Source: ukhumanrightsblog.com

Daniella Lock: The ‘Third Direction case’ Part One: Miller (Nos 1 and 2) in the National Security Context? – UK Constitutional Law Association

‘The ‘Third Direction case’, soon to be brought before the Court of Appeal, concerns the lawfulness of a previously secret national security policy of the UK Government. The policy authorises agents of the Security Service (MI5) to engage in criminal activity, which the claimants allege include the carrying out of torture and murder. Hearings on the case were held in November last year in the Investigatory Powers Tribunal (IPT), a specialist tribunal which adjudicates complaints on state surveillance and the conduct of the Security Services (MI5, MI6 and GCHQ). The IPT produced a judgment remarkably quickly, published in December.’

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UK Constitutional Law Association, 7th July 2020

Source: ukconstitutionallaw.org

UK intelligence torture case to be held in secret after challenge fails – The Guardian

‘A judicial review aimed at overturning a decision to ditch a judge-led inquiry into the involvement of British intelligence in torture and rendition will be heard in secret after a challenge involving two MPs failed.’

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The Guardian, 30th June 2020

Source: www.theguardian.com

Temporary Exclusion Orders and the Right to a Fair Hearing in the UK – Oxford Human Rights Hub

Posted June 17th, 2020 in closed material, disclosure, human rights, judicial review, news, terrorism by sally

‘In QX v Secretary of State for the Home Department [2020], the UK High Court reached a landmark preliminary decision that ECHR Article 6 applies to the judicial review of obligations imposed under a Temporary Exclusion Order (TEO). The Court further held that the claimant is entitled to the level of disclosure outlined in SSHD v AF (No 3) [2009]. This judgement sets a welcome precedent for applying Article 6 to closed material proceedings under the Counter-Terrorism and Security Act 2015. It is also consistent with the procedural protections applied to the former regime for control orders, now succeeded by TPIM notices. The reasons given for applying the AF (No 3) standard of disclosure, however, demonstrate the persistence of a limited and discretionary approach to disclosure obligations in national security litigation.’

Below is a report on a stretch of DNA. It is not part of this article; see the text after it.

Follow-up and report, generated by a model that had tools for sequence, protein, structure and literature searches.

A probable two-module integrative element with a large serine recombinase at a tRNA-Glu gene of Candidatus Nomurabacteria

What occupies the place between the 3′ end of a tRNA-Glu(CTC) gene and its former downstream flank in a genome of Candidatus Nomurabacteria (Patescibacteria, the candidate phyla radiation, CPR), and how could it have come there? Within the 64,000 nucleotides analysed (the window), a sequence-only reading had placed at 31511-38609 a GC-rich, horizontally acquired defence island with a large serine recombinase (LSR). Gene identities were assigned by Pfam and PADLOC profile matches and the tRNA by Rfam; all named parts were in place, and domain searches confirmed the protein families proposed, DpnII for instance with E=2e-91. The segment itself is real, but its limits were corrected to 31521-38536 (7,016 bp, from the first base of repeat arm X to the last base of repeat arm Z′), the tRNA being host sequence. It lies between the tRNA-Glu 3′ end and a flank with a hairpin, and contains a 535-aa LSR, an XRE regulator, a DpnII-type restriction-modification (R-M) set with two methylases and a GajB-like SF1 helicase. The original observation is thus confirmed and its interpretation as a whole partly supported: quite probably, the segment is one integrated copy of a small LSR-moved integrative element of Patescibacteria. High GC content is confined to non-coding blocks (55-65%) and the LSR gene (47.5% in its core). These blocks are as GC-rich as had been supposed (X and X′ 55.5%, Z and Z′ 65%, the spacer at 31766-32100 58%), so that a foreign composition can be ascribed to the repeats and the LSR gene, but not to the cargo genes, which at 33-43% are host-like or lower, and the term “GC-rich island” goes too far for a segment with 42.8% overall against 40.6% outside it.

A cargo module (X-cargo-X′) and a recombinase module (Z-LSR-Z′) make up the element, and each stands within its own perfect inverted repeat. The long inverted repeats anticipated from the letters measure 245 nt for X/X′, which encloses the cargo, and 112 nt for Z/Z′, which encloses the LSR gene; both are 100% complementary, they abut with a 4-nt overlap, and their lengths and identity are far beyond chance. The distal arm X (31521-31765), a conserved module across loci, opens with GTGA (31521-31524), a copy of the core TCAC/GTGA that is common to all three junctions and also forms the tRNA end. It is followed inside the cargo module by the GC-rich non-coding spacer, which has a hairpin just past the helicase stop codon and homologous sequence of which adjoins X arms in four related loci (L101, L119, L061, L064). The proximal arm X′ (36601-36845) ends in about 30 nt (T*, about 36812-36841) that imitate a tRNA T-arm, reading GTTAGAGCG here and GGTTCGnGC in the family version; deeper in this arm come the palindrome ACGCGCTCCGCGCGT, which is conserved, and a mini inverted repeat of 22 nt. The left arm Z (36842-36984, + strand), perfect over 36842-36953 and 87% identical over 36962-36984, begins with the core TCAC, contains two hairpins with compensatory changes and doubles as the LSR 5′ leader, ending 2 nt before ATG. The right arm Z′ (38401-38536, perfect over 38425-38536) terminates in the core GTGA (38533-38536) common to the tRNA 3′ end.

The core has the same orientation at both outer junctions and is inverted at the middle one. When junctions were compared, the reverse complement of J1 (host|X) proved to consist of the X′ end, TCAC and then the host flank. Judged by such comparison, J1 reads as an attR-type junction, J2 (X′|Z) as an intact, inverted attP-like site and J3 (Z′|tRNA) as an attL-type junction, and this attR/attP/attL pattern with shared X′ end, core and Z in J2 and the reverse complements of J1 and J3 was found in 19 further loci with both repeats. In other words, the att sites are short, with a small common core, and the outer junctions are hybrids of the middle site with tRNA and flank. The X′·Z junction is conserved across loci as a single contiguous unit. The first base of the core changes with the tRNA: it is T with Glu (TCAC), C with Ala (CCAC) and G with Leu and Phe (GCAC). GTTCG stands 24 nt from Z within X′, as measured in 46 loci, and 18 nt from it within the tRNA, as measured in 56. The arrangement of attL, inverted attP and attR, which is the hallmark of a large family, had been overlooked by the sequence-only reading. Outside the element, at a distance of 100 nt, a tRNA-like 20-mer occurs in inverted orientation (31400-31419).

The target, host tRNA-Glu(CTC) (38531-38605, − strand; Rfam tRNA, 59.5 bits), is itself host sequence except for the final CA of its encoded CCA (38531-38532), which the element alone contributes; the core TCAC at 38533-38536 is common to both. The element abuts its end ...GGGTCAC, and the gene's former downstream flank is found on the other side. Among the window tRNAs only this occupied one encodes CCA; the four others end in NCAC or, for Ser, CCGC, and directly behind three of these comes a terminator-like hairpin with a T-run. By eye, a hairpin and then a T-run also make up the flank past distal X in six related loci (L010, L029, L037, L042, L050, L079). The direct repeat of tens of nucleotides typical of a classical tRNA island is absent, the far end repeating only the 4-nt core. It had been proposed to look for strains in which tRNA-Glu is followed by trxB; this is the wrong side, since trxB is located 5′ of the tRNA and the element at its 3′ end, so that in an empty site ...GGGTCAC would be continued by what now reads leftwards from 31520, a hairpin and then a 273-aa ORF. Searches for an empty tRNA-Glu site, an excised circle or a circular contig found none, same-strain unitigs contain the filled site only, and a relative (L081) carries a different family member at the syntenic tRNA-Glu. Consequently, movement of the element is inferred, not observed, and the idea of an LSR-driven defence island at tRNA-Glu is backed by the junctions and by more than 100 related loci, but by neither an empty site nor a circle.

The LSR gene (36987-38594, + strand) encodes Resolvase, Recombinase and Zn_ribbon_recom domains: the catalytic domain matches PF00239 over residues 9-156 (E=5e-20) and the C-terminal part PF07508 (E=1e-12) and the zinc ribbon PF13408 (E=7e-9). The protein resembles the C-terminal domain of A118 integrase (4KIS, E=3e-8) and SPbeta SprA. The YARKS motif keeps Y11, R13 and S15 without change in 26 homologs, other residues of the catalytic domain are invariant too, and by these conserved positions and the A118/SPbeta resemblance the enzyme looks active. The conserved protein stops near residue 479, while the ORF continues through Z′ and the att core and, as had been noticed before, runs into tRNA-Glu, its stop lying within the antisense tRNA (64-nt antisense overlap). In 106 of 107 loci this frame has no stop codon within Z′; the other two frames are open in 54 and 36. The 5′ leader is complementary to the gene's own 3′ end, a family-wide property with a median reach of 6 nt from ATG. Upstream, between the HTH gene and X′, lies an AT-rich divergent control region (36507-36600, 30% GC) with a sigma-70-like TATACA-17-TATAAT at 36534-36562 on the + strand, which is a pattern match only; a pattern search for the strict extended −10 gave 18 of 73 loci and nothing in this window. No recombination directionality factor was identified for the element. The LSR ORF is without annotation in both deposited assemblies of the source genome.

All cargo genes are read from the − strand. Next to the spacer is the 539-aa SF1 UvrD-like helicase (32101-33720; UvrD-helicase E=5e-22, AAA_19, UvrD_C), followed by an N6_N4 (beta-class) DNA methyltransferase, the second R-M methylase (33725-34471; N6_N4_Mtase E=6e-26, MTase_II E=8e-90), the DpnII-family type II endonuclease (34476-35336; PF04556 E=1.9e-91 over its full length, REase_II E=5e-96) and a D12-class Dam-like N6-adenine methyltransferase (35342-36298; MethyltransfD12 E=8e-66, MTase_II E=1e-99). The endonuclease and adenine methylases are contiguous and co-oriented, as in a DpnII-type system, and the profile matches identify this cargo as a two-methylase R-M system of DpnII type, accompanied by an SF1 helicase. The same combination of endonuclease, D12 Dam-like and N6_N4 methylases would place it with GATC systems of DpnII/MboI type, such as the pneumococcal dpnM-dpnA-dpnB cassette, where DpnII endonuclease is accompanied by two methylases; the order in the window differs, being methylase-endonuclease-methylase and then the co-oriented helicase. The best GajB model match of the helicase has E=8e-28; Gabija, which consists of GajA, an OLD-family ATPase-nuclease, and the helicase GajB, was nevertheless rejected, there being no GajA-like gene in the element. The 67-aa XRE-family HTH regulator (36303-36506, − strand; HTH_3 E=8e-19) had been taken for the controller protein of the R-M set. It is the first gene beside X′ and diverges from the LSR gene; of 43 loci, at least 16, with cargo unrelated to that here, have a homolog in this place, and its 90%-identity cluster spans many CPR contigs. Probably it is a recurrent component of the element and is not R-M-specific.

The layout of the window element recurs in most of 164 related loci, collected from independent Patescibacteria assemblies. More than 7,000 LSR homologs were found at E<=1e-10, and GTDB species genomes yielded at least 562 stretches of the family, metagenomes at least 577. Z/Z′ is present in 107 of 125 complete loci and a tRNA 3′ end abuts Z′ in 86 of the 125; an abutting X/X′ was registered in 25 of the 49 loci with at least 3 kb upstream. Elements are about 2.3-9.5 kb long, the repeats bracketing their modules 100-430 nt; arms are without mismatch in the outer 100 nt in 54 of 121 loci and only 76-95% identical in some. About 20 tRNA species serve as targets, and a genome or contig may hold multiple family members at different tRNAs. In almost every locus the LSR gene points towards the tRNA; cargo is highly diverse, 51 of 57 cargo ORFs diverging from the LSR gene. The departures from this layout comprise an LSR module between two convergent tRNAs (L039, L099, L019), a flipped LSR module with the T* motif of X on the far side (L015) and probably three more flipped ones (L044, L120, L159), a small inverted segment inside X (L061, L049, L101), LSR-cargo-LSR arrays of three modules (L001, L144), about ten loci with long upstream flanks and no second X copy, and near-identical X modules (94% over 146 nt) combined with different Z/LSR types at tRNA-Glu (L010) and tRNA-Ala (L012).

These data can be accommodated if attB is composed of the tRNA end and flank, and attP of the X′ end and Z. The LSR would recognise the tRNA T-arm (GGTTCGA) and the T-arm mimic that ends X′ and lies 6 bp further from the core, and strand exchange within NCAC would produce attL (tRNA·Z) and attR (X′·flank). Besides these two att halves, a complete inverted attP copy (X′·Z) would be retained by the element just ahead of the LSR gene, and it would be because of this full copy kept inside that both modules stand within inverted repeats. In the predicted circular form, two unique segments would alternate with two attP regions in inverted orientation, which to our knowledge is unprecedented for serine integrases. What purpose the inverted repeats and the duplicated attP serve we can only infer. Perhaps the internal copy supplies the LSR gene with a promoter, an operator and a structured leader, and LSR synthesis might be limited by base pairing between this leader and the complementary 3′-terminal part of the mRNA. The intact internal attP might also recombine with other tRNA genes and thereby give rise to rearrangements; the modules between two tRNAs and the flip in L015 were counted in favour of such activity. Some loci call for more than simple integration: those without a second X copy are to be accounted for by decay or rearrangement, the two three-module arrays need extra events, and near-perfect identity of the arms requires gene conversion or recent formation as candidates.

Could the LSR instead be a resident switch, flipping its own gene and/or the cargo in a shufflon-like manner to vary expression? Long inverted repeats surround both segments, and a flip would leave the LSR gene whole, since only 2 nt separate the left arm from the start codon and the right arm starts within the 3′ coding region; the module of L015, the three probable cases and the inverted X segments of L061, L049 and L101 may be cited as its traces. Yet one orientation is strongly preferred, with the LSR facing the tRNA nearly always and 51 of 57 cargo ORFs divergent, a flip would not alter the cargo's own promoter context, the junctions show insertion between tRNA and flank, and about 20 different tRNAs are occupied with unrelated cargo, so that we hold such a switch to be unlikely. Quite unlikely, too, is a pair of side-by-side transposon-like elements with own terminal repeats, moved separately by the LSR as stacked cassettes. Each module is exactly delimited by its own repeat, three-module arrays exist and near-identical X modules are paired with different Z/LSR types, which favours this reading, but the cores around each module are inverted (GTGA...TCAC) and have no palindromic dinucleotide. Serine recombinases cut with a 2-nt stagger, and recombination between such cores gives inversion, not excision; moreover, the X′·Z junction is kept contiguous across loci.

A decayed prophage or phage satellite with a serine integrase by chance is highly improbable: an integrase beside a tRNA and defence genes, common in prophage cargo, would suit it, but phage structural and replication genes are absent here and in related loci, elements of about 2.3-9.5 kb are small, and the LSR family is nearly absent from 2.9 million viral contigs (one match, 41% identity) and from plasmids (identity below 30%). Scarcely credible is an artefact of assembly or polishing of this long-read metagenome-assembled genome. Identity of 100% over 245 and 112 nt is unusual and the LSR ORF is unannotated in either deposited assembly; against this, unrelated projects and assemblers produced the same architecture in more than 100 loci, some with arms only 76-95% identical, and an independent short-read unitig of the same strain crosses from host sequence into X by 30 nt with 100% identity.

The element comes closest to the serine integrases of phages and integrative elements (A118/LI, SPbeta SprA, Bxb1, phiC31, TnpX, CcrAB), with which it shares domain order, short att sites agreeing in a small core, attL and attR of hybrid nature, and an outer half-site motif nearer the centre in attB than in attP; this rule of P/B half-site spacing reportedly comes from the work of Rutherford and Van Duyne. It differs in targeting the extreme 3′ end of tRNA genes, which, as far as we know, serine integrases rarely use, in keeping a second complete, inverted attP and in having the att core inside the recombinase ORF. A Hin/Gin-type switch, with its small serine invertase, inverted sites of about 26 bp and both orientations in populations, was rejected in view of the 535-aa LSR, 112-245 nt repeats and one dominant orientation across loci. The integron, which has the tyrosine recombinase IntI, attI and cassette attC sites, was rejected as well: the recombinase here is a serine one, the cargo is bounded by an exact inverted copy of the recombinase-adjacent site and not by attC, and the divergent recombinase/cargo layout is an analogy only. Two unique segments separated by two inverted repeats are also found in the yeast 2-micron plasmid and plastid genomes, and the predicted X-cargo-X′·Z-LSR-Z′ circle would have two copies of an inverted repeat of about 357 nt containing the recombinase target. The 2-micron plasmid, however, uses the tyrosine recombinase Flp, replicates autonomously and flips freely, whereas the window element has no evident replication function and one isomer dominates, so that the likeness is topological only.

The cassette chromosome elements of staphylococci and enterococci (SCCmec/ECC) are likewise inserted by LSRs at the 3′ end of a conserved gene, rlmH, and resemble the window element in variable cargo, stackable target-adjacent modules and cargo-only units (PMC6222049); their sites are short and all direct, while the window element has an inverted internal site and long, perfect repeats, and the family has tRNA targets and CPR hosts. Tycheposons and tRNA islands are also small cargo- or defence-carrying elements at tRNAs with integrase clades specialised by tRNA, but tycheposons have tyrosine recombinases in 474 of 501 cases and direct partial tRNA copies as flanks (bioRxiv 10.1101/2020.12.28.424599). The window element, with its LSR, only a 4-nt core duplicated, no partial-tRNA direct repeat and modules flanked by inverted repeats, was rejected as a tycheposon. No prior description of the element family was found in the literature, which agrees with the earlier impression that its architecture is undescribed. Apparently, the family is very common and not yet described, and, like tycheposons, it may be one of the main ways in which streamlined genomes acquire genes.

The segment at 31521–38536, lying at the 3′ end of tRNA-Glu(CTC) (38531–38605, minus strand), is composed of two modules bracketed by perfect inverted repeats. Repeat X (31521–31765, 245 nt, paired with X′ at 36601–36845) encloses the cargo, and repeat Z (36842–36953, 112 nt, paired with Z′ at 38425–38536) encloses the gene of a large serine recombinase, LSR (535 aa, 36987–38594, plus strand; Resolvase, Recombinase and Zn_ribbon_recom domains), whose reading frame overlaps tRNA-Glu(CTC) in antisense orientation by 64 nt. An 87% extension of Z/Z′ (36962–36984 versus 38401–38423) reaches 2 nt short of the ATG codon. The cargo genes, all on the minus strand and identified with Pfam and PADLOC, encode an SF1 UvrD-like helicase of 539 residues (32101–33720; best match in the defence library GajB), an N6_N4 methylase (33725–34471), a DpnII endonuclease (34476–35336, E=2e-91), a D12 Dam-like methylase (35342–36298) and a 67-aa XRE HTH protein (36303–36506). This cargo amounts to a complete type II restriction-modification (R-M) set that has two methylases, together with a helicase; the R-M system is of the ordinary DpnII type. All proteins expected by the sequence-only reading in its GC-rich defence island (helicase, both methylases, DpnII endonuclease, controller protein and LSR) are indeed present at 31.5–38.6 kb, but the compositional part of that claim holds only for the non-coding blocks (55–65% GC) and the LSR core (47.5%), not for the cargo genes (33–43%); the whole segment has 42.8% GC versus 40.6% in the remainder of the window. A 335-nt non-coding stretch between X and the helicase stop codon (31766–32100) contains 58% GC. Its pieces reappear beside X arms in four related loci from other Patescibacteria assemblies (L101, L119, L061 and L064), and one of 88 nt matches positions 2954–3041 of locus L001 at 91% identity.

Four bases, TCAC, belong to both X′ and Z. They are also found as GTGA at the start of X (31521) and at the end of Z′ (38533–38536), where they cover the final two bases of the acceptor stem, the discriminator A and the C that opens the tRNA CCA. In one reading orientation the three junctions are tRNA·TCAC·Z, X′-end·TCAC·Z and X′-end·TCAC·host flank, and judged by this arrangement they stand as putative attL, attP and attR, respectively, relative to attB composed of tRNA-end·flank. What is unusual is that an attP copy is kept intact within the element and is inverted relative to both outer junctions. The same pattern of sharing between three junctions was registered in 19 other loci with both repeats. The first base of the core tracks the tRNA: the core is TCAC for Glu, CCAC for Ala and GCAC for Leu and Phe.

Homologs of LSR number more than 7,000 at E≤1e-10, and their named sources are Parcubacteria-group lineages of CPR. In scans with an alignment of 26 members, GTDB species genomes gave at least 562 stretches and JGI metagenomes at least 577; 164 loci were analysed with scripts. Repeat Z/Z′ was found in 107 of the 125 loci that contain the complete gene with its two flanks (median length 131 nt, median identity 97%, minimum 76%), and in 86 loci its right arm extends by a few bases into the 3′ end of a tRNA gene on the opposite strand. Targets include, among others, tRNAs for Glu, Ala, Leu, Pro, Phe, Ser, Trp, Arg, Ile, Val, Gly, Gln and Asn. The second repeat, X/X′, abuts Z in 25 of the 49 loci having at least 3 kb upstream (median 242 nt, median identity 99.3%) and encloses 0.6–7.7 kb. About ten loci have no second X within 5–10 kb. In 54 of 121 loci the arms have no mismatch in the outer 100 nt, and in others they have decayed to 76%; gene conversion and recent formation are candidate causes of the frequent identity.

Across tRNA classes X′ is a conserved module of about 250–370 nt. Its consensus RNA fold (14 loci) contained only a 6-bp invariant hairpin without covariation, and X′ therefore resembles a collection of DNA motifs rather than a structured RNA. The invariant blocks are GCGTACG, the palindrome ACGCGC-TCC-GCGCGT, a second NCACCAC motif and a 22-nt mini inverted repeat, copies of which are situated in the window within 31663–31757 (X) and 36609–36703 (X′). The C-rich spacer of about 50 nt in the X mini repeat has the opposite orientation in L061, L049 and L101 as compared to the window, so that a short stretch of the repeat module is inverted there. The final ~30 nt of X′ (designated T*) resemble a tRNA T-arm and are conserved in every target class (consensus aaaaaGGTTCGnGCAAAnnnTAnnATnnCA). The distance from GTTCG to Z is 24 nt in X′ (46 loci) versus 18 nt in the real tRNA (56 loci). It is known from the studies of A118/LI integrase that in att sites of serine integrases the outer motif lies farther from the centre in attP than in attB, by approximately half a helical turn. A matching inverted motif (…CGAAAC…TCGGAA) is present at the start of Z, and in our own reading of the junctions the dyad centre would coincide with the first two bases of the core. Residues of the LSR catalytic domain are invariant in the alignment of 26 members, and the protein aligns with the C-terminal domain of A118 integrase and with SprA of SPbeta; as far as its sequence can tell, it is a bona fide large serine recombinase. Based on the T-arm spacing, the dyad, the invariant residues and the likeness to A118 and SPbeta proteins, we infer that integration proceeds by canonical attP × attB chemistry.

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Oxford Human Rights Hub, 4th June 2020

Source: ohrh.law.ox.ac.uk

Open justice direction published for remote hearings – Litigation Futures

‘A new practice direction clarifying when civil courts may derogate from the principle of open justice to conduct hearings remotely in private has been published today.’

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Litigation Futures, 25th March 2020

Source: www.litigationfutures.com

“Secret Justice”: An Oxymoron and the Overdue Review – UK Human Rights Blog

Posted January 30th, 2020 in closed material, criminal justice, immigration, news by tracey

‘The Government has still not implemented the review of Closed Procedures that Parliament had dictated should take place when passing the Justice and Security Act 2013. A review is required to cover the first five years after the Act came into force, and should have been completed “as soon as reasonably practicable” thereafter. That period expired in June 2018, and there are still no signs of a reviewer being appointed.’

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UK Human Rights Blog, 28th January 2020

Source: ukhumanrightsblog.com

Human rights court dismisses MI6 informant Wang Yam’s appeal – The Guardian

Posted January 17th, 2020 in appeals, closed material, health & safety, intelligence services, murder, news by tracey